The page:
MONTPELIER, Vt. — Vermonters will take on budgeting, elections, and issues like energy and public banks this town meeting day.
At the annual meeting, Vermonters discuss electing municipal officers, approve budgets, examine zoning bylaws, authorize long-term capital borrowing, and decide the operating calendar for the town. Issues that will be taken up across the state Tuesday include familiar topics such as school board budgets and local elections.
The tradition of town meeting stretches back to 1762 when the first recorded town meeting in state lines was held in Bennington, according to the Vermont secretary of state’s website.
Steven Jeffrey, executive director of the Vermont League of Cities and Towns, said in an e-mail that school budgeting issues are usually a major focus.
‘‘As property taxes go up, the issue of school budgets takes more of a center stage,’’ Jeffrey said.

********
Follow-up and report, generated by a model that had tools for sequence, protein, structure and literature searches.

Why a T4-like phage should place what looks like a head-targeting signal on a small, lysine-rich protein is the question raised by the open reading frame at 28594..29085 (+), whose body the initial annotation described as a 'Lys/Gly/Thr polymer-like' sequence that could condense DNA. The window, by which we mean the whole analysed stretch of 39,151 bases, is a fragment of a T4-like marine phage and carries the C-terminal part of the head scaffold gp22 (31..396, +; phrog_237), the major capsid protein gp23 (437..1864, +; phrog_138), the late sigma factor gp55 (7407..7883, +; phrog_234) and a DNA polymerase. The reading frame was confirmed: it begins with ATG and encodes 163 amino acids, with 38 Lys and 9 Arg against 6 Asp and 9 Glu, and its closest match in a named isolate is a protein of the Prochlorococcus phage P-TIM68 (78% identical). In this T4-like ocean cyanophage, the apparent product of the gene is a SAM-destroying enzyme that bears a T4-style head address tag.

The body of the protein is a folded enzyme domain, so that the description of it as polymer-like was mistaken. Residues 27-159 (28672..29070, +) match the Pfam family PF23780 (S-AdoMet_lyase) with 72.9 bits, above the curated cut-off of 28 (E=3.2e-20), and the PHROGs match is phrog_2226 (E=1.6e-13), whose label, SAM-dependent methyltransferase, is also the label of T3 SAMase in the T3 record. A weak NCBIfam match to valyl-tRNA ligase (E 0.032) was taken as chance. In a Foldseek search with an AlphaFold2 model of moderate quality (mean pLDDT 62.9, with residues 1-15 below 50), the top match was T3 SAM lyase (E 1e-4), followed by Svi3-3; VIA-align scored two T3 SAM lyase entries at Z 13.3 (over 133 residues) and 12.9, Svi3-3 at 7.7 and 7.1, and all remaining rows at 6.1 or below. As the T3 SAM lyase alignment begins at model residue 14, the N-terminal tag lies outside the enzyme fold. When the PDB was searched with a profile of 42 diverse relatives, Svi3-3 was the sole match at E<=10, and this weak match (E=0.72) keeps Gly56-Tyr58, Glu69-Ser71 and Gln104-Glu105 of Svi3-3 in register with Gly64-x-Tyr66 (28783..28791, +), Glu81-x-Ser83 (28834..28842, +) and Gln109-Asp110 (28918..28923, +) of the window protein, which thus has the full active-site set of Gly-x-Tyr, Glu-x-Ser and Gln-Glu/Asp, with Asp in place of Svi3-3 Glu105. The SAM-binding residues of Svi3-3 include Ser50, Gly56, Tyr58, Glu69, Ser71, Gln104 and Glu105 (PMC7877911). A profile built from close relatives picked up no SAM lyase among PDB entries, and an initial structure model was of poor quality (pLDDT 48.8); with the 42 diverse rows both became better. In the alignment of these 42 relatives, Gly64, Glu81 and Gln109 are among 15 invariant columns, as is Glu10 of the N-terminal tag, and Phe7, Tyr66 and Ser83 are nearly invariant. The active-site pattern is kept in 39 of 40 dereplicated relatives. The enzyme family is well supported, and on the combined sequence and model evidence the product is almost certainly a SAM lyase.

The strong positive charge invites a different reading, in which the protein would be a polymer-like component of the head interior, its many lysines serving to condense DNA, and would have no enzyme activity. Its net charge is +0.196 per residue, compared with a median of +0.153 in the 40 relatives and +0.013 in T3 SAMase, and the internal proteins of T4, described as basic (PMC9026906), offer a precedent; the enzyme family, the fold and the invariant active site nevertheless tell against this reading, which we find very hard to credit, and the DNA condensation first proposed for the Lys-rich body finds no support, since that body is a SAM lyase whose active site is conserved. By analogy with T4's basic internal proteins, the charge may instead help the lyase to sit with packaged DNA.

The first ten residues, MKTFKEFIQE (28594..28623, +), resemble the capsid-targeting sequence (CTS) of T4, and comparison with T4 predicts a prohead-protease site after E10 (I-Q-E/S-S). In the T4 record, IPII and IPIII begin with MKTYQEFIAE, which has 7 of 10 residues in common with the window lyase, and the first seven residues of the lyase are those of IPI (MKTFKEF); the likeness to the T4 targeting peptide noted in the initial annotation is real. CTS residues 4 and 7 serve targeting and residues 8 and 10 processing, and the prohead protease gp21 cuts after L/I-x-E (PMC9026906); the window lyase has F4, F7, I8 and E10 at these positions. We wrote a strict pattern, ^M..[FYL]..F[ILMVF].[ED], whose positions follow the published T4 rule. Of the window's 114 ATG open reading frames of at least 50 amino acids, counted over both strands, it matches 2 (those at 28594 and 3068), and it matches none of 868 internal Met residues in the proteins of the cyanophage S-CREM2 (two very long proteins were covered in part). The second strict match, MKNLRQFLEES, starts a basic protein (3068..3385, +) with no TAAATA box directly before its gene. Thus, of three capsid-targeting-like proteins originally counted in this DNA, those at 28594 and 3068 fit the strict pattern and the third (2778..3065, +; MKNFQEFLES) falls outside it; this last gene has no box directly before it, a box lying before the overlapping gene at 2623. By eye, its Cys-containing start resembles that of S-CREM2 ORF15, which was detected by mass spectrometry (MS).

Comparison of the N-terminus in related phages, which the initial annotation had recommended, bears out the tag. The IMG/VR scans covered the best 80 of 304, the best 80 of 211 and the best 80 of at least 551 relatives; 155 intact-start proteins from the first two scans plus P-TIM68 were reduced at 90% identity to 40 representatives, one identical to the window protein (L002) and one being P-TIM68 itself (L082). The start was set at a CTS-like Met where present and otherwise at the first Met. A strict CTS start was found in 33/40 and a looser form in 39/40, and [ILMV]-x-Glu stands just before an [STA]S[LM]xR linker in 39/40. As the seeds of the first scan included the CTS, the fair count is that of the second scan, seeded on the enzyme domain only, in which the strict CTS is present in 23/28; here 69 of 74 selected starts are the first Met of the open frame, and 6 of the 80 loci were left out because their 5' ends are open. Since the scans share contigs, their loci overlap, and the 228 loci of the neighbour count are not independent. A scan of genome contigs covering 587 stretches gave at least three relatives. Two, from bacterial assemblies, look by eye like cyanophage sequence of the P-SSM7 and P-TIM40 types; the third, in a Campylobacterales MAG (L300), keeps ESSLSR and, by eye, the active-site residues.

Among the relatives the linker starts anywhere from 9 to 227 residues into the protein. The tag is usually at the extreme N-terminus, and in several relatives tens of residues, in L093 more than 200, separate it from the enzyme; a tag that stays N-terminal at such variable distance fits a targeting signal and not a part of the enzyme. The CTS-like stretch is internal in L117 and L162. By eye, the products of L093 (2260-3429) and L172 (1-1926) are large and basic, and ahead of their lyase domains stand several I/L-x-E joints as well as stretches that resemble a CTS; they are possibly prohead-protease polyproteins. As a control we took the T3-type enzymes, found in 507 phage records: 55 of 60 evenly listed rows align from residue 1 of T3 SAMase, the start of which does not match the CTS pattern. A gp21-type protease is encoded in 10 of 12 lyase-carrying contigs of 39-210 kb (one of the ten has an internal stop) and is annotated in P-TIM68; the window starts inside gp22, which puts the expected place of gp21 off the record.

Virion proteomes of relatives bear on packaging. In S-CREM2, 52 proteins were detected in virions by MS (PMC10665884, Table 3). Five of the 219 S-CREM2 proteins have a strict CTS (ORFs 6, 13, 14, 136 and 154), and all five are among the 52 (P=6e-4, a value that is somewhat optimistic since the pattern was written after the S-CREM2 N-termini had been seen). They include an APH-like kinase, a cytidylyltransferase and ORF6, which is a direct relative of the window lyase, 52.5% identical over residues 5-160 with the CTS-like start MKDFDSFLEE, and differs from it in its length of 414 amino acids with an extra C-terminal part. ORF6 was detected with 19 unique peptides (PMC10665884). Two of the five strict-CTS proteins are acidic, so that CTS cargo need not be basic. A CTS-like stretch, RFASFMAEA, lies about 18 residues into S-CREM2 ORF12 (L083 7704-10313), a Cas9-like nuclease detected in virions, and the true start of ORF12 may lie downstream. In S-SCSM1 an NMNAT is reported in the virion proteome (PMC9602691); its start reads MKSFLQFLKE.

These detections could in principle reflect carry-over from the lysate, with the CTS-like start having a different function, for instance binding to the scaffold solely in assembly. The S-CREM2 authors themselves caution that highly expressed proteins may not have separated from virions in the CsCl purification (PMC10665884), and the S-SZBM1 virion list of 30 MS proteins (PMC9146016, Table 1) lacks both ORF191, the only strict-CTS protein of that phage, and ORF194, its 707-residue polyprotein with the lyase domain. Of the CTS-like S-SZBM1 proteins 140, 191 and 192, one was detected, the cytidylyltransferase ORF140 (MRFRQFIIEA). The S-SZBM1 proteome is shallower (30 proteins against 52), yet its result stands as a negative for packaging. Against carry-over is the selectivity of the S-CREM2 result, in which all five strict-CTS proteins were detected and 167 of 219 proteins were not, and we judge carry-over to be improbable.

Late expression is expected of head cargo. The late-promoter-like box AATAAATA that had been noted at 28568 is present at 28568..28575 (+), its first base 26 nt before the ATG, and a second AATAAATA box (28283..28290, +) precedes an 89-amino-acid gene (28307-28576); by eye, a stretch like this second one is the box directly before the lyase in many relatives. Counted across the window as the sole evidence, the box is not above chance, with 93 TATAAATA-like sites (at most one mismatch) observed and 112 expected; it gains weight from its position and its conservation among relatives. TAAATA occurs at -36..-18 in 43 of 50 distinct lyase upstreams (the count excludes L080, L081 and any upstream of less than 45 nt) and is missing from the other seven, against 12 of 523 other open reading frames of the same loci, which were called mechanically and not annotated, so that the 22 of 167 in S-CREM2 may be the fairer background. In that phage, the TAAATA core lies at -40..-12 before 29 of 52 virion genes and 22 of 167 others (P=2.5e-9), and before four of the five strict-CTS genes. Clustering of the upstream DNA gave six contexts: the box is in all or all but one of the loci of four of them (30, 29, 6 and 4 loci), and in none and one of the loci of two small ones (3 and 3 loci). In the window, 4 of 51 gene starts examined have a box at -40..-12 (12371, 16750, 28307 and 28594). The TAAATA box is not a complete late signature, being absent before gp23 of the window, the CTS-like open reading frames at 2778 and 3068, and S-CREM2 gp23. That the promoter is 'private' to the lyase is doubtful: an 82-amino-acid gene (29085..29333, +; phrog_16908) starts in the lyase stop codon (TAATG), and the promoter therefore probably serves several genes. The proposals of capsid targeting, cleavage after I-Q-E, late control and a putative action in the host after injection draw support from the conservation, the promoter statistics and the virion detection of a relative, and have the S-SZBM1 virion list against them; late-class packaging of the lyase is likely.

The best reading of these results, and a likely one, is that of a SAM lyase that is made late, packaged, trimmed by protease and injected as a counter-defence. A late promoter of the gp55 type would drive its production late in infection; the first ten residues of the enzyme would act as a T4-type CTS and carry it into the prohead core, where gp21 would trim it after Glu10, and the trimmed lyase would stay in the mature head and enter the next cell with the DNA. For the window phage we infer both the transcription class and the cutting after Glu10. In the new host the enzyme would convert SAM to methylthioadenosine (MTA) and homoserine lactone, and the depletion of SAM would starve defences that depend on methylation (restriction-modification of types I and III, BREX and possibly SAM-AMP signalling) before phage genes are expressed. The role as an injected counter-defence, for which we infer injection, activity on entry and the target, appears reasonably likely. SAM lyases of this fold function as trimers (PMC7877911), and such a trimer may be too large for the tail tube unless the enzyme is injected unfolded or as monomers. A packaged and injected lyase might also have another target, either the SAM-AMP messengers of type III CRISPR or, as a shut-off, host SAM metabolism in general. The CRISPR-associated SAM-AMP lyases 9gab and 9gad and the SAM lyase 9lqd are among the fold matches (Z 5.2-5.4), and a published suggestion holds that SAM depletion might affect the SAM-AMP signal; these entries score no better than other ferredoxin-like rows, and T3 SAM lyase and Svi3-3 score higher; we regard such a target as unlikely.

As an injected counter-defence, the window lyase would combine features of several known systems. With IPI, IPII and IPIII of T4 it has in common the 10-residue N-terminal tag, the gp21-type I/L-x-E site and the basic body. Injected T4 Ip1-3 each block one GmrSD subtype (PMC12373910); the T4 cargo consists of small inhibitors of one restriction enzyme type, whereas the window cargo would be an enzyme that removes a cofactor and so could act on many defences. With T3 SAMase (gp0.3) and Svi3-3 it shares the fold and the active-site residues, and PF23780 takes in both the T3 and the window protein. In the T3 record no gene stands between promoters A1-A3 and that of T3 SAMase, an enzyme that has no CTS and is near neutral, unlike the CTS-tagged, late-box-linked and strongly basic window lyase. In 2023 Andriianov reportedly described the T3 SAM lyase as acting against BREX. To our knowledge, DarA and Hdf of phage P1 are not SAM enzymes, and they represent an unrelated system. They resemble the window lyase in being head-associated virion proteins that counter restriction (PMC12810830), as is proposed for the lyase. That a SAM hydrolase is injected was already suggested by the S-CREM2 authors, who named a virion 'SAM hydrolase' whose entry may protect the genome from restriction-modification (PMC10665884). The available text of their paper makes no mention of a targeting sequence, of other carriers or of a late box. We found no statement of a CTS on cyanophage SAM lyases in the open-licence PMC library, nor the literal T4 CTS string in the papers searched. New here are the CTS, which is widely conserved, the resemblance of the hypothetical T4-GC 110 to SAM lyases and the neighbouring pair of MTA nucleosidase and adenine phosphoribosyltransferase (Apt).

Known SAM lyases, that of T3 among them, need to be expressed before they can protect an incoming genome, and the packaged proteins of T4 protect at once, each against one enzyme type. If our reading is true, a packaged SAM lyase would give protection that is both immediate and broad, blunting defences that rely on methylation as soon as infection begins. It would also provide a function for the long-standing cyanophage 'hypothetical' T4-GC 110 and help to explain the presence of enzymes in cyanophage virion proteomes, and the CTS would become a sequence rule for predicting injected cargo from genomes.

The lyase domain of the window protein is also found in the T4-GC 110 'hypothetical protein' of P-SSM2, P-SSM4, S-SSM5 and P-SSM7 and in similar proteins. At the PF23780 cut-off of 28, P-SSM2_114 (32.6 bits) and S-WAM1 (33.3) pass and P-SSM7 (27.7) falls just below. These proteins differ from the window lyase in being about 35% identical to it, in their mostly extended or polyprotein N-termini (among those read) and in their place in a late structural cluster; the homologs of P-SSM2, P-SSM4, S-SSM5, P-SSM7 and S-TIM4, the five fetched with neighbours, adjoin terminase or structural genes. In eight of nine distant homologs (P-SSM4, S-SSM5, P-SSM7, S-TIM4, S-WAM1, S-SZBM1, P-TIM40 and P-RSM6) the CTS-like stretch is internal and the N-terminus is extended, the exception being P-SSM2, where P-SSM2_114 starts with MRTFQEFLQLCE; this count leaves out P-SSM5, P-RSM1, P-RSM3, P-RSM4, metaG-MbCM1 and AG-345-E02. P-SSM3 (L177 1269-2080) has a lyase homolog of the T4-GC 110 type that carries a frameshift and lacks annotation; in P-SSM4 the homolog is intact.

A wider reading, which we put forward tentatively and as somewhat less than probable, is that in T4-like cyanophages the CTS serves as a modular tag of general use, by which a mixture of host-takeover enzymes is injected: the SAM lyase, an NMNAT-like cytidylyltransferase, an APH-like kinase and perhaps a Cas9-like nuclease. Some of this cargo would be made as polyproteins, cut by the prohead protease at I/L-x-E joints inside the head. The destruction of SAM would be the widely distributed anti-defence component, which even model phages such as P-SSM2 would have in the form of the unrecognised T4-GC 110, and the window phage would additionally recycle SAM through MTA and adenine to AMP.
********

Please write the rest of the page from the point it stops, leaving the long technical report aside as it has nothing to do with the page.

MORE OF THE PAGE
Besides items like spending and bylaw revisions, many towns also take up nonbinding resolutions and poll questions.
Jeffrey said the items have ‘‘little place on the agenda when the purpose of the meeting is to actually govern ourselves,” but supporters of resolutions and poll questions believe it’s a way for citizens to voice their opinions on big topics and discuss broader issues.
Poll questions and resolutions in years past have ranged from asking residents if they think President George W. Bush should be impeached to thoughts on tar sands oil. This year, Vermont Public Radio reports that at least 20 communities will take up a resolution about supporting the concept of a public bank.
Energy is also a hot topic for towns in the path of a new gas pipeline. Shoreham and Cornwall will be taking up nonbinding articles in the matter. In Lowell, a nonbinding antiwind power article was added to the Town Meeting agenda this year by court order after it had been passed over two years ago without discussion.